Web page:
Opposition lawmaker Son Chhay on Monday accused the donor community of backing off demands that the government take responsibility and disciplinary action for a World Food Program fraud uncovered earlier this year.
Donors have failed to pressure the government to meet the WFP’s request for a parallel investigation of those involved in the large-scale scheme that diverted donated foodstuffs and sold them for profit, he said.
The UN body conducted an internal investigation of the scandal and terminated at least seven staff members before going public with its findings in August.
“The WFP should be encouraged for going after corruption, not otherwise, not the way they are being treated right now,” Son Chhay said by telephone.
The UN body has halted its Food for Work programs during the investigation.
Japanese Ambassador Fumiaki Takahashi called the opposition comments “absurd” and said he and other envoys were pressing for a full probe of official complicity in the scandal. “We want to know the facts…. It’s taking too long, and the people that are suffering are the Cambodians.”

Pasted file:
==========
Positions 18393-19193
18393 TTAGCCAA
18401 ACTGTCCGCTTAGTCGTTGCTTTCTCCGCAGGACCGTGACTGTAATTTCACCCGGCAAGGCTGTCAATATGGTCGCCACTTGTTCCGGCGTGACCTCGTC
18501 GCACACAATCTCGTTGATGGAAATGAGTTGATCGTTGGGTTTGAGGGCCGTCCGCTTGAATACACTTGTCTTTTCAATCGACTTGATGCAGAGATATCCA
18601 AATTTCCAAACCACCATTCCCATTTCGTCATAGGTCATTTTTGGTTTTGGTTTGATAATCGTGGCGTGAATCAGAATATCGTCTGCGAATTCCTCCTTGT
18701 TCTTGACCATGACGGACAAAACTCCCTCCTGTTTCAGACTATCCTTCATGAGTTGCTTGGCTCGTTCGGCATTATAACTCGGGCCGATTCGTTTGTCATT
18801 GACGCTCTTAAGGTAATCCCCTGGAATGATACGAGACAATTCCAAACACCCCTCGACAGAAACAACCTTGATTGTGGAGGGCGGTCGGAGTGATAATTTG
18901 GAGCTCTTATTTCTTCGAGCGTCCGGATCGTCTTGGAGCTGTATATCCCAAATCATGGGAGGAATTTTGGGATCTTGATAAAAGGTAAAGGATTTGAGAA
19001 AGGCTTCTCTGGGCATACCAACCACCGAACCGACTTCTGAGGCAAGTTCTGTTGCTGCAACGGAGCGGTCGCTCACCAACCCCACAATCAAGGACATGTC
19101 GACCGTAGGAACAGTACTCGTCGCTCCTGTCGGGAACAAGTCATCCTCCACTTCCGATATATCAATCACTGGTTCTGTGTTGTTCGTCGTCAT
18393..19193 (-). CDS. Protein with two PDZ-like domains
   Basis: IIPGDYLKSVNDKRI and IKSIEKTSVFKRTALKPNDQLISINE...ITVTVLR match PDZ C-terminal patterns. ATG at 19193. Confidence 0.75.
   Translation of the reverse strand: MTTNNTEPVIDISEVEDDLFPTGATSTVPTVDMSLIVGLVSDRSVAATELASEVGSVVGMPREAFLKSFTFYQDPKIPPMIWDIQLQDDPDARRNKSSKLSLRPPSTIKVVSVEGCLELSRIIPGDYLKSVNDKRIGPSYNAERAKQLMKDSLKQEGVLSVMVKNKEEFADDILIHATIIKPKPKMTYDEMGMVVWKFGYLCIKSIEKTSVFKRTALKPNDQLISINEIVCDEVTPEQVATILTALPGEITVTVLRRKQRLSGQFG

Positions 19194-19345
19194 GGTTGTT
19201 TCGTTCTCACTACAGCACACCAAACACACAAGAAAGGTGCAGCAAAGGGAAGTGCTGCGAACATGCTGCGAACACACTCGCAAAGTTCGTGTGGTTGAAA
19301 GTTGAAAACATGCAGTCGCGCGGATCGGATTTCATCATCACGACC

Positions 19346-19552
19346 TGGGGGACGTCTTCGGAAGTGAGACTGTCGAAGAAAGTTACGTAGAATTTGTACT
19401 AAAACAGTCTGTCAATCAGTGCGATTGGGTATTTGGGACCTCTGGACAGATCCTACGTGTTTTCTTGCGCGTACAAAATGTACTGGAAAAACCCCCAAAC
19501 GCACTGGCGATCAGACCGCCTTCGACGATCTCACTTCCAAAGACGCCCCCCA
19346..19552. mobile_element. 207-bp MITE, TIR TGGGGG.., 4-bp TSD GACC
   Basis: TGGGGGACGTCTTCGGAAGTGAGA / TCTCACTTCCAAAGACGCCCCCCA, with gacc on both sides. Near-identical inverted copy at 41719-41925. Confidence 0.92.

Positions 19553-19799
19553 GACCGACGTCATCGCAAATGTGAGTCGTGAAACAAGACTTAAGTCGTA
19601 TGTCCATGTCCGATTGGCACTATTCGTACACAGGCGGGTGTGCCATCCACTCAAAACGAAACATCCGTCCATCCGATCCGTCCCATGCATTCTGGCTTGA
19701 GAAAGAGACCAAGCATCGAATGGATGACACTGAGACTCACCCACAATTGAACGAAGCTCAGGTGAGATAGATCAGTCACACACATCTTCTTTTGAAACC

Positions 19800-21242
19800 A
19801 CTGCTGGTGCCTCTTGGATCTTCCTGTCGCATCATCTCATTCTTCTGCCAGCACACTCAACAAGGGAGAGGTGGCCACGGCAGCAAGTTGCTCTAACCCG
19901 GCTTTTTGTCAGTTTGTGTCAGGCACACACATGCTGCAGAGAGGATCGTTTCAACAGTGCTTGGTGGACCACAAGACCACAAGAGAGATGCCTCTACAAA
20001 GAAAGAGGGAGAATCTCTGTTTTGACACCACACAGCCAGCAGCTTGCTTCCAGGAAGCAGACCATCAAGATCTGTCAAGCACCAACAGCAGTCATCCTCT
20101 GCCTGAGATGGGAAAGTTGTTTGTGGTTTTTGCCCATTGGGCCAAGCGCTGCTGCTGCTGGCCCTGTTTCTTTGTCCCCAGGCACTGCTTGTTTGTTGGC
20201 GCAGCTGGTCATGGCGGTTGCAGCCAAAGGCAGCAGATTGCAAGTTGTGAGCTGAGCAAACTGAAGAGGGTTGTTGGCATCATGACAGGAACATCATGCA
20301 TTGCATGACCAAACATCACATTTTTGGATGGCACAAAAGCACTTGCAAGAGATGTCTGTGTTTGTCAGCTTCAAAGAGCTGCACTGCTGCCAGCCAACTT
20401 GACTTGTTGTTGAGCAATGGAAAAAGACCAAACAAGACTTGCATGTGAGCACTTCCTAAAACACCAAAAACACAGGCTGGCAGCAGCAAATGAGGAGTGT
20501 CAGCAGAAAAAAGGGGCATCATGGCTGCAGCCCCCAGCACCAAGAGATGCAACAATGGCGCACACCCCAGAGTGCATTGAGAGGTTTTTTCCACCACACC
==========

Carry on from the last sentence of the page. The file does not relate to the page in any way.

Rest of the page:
Following the WFP’s public disclosure of the scandal, Prime Minister Hun Sen set up a task force headed by Cabinet Minister Sok An to conduct its own investigation, promising internal disciplinary action, compensation and safeguards against corruption.
Since then, however, officials have downplayed government employees’ role in the scam and derided initial reports of some
$2 million stolen. The two sides are now in negotiations over their different findings and what steps should be taken.
Thomas Keusters, WFP’s country director, said negotiations are on hold this week as events, such as Friday’s coronation of King Norodom Sihamoni, take priority.
He also disputed Son Chhay’s remarks, saying donors had backed WFP demands. “Individually and collectively, they’ve supported the pursuit of this matter in the direction we agreed upon with Prime Minister Hun Sen.”